Who was it who said good manners had gone the way of black-and-white TV? Actually it was yours truly after watching the slobs parading up and down Gstaad’s main street. That was last year, but the bad news is that this year Slobovia has come to stay again. Mind you, Alexandra and I had planned to have fifty friends for a party to celebrate fifty years of my enslavement, but Mister Omicron arrived and put a damper on our plans. The tent on the lawn and the oompah band were canceled. The good news is...
Who was it who said good manners had gone the way of black-and-white TV? Actually it was yours truly after watching the slobs parading up and down Gstaad’s main street. That was last year, but the bad news is that this year Slobovia has come to stay again. Mind you, Alexandra and I had planned to have fifty friends for a party to celebrate fifty years of my enslavement, but Mister Omicron arrived and put a damper on our plans. The tent on the lawn and the oompah band were canceled. The good news is that there are still a few people who don’t adhere to the online culture of today, that of anger, incivility and non-stop use of the F-word.
For example, I received thank-you letters from two old Lawrenceville schoolboys who attended my Christmas party in the Bagel. Mark and Andrew are tall and good-looking, and were obviously brought up the right way because nowadays a thank-you letter is as rare as a virgin in Las Vegas. Mark and Andrew had just arrived when John Paulson walked in with his really beautiful girlfriend. The Lawrenceville boys encircled her like Panzers approaching Dunkirk.
John and I used to hang out together every night in old Au Bar times. Then we sort of lost touch. He bet against the prime in 2008 and made twenty billion big ones. Yep, twenty billion and it couldn’t happen to a nicer guy. Needless to say, lots of Bagelites now seek his company but John Paulson has remained cool and is still the way he was before he made his billions. Most people at my party had no idea who he was, and that suited him fine.
Late on New Year’s Eve here in the Alps Geoffrey Moore, along with his brother Christian and his beautiful wife Lara, dropped in and I had an early morning chat with Lara, whose dad, incidentally, is a wonderful man and reads this magazine. Unlike me, the Moore boys are not down on Gstaad by a long shot. I brought up the fact that a recent arrival in the village has been dispensing gifts to all and sundry. A ticket controller on a ski lift received a gold Rolex for helping this vulgarian get on it, and a female realtor got much more than that for finding him a rather nice place to live. This individual, who openly prefers boys to girls, has been spreading the wealth, something that works exceedingly well in Switzerland. If he is the one I’m thinking of, I met him while very drunk later that night at a friend’s house. He was big and blond and was giving orders. I was in an aggressive mood, which is unusual when pissed, and he sort of backed off after I tried to pick a fight. One thing that emerged from the altercation that never happened was that rudeness is on the rise.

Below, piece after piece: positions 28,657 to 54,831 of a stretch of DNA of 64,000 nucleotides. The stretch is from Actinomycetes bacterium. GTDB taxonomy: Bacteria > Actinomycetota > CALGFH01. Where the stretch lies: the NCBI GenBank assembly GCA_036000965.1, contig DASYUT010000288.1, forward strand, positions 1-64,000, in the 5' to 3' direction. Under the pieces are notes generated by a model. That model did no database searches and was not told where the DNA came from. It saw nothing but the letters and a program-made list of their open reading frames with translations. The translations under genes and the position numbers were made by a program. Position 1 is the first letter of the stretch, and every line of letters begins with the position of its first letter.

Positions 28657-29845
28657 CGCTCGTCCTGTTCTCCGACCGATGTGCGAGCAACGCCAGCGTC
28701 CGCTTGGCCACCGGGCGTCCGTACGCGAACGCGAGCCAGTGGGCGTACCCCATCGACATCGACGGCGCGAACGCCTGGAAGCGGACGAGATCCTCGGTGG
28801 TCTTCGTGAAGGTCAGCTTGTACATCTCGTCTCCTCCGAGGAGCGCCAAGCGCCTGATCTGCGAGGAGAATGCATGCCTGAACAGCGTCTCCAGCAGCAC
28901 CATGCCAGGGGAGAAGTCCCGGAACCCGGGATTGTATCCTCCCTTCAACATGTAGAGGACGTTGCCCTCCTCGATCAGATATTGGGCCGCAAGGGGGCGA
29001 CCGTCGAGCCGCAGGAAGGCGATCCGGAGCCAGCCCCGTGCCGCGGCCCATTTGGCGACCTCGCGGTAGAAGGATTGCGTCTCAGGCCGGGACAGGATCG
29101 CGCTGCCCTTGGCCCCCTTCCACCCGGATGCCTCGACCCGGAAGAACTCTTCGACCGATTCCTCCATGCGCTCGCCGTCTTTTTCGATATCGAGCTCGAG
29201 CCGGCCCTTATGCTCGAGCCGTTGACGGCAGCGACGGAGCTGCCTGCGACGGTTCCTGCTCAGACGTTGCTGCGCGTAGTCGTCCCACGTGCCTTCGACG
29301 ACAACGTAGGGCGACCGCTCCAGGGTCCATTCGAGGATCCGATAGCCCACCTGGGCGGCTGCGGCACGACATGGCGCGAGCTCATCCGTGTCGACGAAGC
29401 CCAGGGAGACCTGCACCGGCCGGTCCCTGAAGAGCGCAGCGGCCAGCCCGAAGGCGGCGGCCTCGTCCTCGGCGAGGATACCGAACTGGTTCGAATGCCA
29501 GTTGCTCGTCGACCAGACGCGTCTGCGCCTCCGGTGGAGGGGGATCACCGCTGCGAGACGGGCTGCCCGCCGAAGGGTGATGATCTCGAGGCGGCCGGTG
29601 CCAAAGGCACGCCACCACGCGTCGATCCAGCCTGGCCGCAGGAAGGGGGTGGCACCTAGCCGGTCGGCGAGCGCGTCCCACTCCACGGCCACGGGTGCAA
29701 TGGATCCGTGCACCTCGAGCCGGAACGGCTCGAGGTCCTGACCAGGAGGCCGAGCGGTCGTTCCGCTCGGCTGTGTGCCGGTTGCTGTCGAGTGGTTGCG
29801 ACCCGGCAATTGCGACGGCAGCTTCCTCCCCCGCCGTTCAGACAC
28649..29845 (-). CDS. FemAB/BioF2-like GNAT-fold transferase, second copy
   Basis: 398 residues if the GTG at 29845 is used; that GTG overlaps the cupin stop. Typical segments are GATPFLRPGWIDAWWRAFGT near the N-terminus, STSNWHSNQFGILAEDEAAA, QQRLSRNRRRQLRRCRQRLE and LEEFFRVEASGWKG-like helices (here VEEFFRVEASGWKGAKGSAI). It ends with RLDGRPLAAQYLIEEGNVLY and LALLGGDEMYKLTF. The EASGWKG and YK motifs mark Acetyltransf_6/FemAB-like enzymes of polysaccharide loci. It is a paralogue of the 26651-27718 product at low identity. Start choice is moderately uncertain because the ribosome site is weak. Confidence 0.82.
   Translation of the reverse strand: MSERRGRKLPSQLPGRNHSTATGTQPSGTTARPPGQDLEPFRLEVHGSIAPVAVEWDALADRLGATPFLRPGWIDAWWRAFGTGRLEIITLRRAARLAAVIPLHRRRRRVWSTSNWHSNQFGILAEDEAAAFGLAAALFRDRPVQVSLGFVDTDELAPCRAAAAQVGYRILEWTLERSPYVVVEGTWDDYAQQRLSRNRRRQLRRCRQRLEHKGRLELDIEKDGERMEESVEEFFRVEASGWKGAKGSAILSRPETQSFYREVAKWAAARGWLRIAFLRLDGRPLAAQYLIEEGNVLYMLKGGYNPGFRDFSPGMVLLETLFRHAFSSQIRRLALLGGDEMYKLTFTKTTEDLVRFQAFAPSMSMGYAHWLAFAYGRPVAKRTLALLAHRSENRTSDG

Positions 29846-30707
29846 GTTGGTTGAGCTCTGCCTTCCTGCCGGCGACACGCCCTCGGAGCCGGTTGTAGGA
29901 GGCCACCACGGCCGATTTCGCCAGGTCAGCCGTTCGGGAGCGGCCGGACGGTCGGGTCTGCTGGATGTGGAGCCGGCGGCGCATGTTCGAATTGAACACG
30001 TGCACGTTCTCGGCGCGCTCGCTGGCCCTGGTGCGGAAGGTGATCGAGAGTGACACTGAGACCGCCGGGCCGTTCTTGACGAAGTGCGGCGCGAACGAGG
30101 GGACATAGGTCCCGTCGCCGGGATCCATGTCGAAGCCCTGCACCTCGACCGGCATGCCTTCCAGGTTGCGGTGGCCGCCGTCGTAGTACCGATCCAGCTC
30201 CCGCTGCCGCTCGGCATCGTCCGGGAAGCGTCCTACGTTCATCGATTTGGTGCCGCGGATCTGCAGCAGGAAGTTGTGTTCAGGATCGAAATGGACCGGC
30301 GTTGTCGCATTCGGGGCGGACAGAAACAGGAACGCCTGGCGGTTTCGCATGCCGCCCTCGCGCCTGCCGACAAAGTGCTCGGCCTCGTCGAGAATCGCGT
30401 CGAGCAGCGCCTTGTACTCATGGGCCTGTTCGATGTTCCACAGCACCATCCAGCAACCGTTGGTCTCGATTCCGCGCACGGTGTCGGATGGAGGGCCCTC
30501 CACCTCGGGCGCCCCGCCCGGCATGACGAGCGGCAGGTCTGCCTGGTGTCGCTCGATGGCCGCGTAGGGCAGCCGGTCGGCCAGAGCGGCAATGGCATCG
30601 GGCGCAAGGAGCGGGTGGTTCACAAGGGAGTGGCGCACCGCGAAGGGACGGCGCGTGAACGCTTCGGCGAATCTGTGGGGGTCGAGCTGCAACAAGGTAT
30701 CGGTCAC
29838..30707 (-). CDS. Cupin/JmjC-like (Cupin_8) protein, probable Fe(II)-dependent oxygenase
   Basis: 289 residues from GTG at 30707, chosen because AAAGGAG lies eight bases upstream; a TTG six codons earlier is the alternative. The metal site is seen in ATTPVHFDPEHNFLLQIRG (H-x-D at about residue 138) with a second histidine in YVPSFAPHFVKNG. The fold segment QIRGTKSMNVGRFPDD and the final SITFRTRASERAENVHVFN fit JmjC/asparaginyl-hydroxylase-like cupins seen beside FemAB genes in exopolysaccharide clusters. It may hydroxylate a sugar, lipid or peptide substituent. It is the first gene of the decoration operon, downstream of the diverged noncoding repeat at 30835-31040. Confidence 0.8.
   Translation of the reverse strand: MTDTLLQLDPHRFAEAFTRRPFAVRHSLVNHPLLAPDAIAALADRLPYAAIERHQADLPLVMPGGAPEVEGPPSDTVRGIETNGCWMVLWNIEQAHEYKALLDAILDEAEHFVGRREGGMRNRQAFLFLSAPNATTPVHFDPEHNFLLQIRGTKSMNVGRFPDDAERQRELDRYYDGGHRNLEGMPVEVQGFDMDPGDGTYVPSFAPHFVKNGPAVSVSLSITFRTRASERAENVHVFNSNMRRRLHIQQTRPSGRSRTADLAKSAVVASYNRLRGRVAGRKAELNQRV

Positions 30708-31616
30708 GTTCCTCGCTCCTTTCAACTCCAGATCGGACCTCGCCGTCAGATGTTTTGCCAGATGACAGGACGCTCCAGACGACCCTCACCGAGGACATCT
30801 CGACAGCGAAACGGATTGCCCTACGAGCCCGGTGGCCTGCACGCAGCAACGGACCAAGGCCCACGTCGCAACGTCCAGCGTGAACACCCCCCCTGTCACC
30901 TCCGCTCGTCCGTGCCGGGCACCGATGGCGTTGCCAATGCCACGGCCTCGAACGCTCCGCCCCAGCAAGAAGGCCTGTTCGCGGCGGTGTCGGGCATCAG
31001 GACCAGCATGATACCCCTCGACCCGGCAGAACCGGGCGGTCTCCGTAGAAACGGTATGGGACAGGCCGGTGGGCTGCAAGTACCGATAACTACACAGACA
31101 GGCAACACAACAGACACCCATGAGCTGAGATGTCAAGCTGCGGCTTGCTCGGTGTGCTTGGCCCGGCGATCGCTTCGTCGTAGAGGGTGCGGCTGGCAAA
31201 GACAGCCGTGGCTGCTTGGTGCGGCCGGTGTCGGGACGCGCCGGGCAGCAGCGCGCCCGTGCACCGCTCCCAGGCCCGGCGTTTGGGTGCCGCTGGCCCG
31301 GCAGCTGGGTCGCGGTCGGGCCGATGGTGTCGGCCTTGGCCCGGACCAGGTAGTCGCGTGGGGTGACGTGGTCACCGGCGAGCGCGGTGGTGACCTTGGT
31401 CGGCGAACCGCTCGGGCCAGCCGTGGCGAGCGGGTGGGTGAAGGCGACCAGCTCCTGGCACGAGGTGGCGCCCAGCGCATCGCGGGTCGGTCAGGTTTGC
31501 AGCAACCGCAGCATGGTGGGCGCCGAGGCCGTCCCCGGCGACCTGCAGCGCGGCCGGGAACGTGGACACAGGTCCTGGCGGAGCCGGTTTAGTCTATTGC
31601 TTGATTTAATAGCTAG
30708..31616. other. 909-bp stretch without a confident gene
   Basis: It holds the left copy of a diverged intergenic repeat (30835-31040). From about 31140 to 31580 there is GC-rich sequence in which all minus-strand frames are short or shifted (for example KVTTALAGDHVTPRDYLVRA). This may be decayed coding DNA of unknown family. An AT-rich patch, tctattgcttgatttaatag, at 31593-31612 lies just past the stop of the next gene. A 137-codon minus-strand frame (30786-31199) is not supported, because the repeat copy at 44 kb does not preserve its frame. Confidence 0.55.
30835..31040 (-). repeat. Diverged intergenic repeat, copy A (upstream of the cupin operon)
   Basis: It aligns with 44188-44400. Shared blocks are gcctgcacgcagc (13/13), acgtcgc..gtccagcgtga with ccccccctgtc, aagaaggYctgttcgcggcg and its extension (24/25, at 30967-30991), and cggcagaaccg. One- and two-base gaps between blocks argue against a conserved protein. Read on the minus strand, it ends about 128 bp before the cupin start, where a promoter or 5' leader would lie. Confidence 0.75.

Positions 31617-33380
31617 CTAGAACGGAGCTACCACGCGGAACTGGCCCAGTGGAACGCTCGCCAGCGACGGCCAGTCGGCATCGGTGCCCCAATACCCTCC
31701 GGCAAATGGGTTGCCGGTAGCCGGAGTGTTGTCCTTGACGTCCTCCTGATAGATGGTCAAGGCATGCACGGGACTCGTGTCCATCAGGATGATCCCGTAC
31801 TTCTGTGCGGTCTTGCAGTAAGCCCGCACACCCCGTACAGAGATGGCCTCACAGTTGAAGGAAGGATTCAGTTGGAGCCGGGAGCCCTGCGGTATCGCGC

Looking around, even here in peaceful Helvetia it seems as though many visitors are just itching with pent-up rage, so how does one respond to a world and a culture without civility? When I was a child, manners were as important as morals — in fact they mattered more. In America today incivility and rudeness are a way of life, despite all that “have a good day” bull. Being rude seems to be considered by some an expression of truth; women are aggressive or brag about being lesbian the way crude men used to boast about having bedded women.
Basically, it comes down to a lack of shame as well as dignity. Ever since Socrates, the meaning of accepted values has been questioned by good minds, but the woke orthodoxy of today threatens to undermine the very meaning of historical facts. Instead of learning about history and our past, young people today are taught about the sensitivities of the tiniest minorities, who determine the reality of the many.
There is a theory that students develop a greater capacity for empathy towards others by reading fiction rather than taking science courses. I agree with this, but I am in the minority. I believe that through studying, a young mind becomes more humane, whereas science makes one more robotic, with less moral insight. The majority thinks science has improved the world in a way no other branch of knowledge could. That is undeniably true, and yet the study of science has led to Facebook and Twitter and the internet, plagues that almost cancel out the medical strides it has also brought about. What do literature and scientific courses in school have to do with the rudeness I’m complaining about?
Everything. I can’t imagine a person who has read the Western canon being a slob and rude, whereas I can easily picture someone who spends his time looking at a computer turning into an antisocial freak like Dorsey or Zuckerberg. I know, I know, it’s a stretch, but then Professor Taki is known for his prejudices more than for literature’s bottom line.
Just as what I’ve just written makes little sense, so does the fact that people are getting ruder by the minute, even in this once upon a time peaceful village for the wellborn but also for the well-behaved. See you in class.
This article was originally published in The Spectator’s March 2022 World edition.